Get to Know Your Room Before Acoustic Treatment


Before mounting, take note of areas in your room which are likely to act as primary and secondary reflection points. It may take some experimentation, but once you’ve found the sweet spot, you’re certain to notice the improvements. Understanding the layout of your room is important before making the decision to purchase acoustic foam. By doing so, you’ll have a better understanding of the foam you need to achieve the best acoustic treatment.

How Acoustic Foam is Made


Acoustic foam is a polyurethane foam. Most polyurethane foams are made from 40% polyisocyanates, 50% polyol and 10% water and other chemicals. These are reactive chemicals, so they are blended together by a mixing head to trigger the foaming process.
Once blended, the mixture is poured onto a slow-moving conveyer belt. After moving around 6 ft, the mixture forms into a solid foam block approximately 30” in height. Traveling further still, it’s height will reach around 4 ft. In its present form, the foam is referred to as slabstock.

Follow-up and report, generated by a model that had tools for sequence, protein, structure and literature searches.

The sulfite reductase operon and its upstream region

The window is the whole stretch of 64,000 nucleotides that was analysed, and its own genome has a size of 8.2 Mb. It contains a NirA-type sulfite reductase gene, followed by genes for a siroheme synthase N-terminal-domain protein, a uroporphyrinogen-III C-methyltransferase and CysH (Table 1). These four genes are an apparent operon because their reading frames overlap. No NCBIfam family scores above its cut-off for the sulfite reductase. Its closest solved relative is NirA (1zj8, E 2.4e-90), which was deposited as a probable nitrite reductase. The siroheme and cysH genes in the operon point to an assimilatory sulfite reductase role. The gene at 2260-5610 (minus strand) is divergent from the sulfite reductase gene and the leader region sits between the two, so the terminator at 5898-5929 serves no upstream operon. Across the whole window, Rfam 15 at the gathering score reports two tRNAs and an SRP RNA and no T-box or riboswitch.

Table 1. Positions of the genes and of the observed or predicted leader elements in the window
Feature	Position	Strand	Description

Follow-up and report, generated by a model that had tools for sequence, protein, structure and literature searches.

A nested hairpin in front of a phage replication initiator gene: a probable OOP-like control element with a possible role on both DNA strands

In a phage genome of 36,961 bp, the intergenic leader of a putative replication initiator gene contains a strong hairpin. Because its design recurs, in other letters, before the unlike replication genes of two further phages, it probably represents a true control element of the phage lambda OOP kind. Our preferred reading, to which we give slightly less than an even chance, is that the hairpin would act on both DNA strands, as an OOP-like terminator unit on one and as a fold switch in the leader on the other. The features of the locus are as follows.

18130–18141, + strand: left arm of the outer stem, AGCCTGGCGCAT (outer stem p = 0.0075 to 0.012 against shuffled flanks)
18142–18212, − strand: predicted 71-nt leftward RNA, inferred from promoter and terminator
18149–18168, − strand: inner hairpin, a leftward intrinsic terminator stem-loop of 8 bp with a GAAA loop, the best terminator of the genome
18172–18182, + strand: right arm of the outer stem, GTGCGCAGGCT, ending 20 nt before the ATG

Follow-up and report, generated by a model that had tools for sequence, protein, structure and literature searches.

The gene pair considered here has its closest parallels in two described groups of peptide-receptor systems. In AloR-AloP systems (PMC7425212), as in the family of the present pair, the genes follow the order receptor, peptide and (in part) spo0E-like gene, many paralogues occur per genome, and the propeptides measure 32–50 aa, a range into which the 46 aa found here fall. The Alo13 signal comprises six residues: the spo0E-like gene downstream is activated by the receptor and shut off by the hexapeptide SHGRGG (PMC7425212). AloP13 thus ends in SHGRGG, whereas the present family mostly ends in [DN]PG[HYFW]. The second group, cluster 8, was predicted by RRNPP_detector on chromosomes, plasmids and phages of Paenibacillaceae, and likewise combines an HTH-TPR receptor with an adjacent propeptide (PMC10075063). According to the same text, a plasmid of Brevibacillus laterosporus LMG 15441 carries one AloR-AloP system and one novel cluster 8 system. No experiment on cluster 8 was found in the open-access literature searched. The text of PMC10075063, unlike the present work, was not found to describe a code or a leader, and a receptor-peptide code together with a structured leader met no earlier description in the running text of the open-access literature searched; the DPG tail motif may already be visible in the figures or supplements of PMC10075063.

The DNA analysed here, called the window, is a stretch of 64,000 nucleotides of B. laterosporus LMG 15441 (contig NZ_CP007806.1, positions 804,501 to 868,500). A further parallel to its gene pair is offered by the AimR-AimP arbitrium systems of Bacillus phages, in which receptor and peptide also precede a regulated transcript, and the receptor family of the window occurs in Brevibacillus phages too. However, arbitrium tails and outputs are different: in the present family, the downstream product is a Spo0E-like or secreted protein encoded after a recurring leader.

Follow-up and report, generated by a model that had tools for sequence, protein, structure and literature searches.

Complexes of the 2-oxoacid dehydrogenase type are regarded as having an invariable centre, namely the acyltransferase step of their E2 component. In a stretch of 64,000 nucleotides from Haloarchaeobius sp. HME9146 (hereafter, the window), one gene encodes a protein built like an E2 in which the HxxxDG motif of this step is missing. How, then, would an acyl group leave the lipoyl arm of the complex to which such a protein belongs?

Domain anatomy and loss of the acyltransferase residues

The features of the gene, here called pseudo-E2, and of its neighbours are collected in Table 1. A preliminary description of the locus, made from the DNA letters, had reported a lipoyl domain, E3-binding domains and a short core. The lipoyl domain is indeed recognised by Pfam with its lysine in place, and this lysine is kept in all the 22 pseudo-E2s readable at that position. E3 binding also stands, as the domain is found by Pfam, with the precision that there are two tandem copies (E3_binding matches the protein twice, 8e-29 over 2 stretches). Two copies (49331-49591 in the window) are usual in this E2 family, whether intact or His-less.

The slabstock continues along the conveyer belt until it reaches a large horizontal bandsaw. Here, the slabstock is cut into smaller size blocks, which are around 12 ft long. After this, the foam blocks are loaded off and left to cure for approximately 12 hours.
From here, the blocks of acoustic foam can be converted into specialist acoustic treatment products. This is achieved through the utilisation of advanced foam cutting machinery. The proper equipment can consistently produce clean cut acoustic foam tiles, bass traps, corner cubes and other acoustic treatment products.